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Why I oppose channel deepening for Port Phillip Bay

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The following article nicely sums up why I oppose channel deepening for Port Phillip Bay ...

By David Sharp

Andrew Warner is a naval architect. He is also knowledgeable and, if asked, informative so that conversations with him tend to be interesting. The other night over coffee proved no exception. On my request, he expounded his views on the Port Phillip Bay Channel Deepening Project. To say the least, such views were decidedly negative.

Presently the Victorian Government is pushing a proposal to deepen the shipping channels in Port Phillip Bay to accommodate the ever-growing size of container ships.

Containerisation and the giant container ship have revolutionised world trade and made it economically possible to move goods back and forth between countries several times before they are completed. This has lead to a greater division of labour and increased economic efficiency.

For a variety of reasons Melbourne presently is the nation’s largest container port, handling 40% of the trade.

On current projections, Melbourne will not be able to accommodate the larger sized vessels likely in the next few years. Already, it is claimed, ships are leaving Melbourne only partly loaded because of inadequately deep enough channels.

Many who oppose the Project do so for environmental reasons. The economic reasons for opposing it however are at least as compelling.

The cost of the Project will be great. Typically it is likely to be much more than originally costed. Moreover it is unlikely in any event that the new larger vessels will ever come to Australia. But this is due to economic factors, not physical.

Typically the major factor in whether a container ship travels fully loaded or not is stability rather than weight.

Another is for convenience purposes in loading or unloading.

The latter is largely a function of the particular circumstances of the port or ports being served. Given the shortcomings, in this regard, of the Port Phillip shore site, (which, in so far as it was possible, would require significant expenditure even partly to overcome), ships would continue, regardless, to leave Melbourne only partly loaded.

Recent expensive deepening at Geelong has not resulted in ships now loading completely there, rather than, (as a number continue to do), partly in Geelong and then completing loading at Portland.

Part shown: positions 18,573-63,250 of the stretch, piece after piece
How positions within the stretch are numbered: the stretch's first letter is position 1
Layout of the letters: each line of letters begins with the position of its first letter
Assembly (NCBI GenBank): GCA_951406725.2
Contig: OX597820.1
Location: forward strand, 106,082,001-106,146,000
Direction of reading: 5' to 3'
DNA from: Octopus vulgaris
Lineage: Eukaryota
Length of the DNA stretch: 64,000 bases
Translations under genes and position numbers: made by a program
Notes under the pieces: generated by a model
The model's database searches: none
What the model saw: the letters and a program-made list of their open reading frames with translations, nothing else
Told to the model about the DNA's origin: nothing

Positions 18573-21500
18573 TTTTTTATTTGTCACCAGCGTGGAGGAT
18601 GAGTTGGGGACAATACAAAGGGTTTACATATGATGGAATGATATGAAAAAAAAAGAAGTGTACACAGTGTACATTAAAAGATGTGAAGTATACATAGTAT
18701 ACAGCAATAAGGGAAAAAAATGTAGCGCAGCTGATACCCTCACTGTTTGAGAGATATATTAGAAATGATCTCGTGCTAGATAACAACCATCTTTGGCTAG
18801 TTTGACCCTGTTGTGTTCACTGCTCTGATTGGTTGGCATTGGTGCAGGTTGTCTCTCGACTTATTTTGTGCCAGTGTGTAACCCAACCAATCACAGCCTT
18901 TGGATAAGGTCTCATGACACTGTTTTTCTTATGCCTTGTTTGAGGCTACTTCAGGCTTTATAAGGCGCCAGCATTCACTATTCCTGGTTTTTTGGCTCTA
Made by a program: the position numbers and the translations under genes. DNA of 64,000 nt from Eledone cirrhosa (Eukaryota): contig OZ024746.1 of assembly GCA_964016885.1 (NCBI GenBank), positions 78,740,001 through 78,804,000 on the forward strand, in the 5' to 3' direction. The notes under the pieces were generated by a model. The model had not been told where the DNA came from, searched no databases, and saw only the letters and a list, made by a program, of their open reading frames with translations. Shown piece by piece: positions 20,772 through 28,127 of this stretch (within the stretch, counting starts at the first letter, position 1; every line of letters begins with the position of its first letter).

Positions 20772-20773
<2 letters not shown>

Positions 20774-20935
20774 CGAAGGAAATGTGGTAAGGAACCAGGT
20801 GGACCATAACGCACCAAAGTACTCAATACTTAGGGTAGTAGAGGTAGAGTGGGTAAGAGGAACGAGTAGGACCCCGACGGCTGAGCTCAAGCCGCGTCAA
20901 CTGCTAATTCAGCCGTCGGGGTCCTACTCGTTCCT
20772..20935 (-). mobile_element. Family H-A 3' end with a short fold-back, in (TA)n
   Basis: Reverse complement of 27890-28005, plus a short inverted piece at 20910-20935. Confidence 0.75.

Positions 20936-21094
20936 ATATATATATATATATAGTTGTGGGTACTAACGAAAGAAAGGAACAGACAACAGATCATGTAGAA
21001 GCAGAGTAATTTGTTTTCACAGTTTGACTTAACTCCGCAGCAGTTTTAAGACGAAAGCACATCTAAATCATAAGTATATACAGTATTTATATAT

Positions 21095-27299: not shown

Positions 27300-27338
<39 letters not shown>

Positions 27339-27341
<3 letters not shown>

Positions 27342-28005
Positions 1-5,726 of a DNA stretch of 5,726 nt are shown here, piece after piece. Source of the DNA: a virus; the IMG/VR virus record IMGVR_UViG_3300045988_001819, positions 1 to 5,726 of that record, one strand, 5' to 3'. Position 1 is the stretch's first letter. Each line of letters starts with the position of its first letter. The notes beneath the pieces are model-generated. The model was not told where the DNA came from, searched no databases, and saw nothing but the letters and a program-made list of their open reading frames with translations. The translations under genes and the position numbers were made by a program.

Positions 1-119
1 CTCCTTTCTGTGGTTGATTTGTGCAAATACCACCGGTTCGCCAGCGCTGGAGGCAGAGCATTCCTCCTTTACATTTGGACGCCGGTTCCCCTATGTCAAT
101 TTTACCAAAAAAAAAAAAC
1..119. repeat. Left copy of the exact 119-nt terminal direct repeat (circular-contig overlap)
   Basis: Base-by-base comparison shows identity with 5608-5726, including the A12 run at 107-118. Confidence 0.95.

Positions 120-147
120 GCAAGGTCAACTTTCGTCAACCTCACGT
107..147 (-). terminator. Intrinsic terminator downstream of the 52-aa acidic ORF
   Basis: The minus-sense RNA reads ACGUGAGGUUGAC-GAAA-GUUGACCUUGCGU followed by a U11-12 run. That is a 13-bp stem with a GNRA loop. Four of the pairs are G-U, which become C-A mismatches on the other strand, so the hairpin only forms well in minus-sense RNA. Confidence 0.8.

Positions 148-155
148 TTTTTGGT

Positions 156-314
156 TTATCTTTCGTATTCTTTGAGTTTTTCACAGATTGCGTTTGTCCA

There are other reasons than channel depth for loading at both ports.

Attempts to force the shipowners to pay extra for the costs involved in the work at Geelong have been unsuccessful and the increased fees are a deterrent to ships using the port at all.

"Build it and they will come" is an unlikely event, particularly if, as it will, the cost of deepening Port Phillip will need to be factored into the costs of using the port.

It is likely that the economics of the super ships will be such that they will exclude them visiting Australia.

Rather Australia is likely to be serviced from a few hub ports, such as Singapore, by smaller ships. The chances of an Australian port becoming a hub, given Australia’s geographical position, are remote.

In so far as there is a case for building an expanded container port in Victoria, that for Westernport (probably at Stony Point) is overwhelming.

Little or no deepening would be required. Although considerable infrastructure costs would be needed they would be a minor expense compared to the Port Phillip alternative.

Unlike the Melbourne site, Westernport provides ample room for depot and shore facility expansion. It is also far more convenient to the eastern industrial suburbs around Dandenong. After all, Westernport is a part of Victoria. Given the degree of urban sprawl one could be forgiven for describing it as part of Melbourne.

In light of the above, who then is likely to favour the Port Phillip project?

As always cui bono is a good place to start. The bureaucracy involved would be likely to experience a huge growth in funds and importance.

Also the existing duopoly of Patricks and P & O would benefit.

Their present shore facilities and supporting infrastructure would need a significant boost.

Conversely opening up Westernport would also open up the possibility of new competitors.

© 2005, David Sharp,
Reproduce with kind permission from
Laissez Faire #75, November 2005
journal of the Australian Adam Smith Club (Melbourne)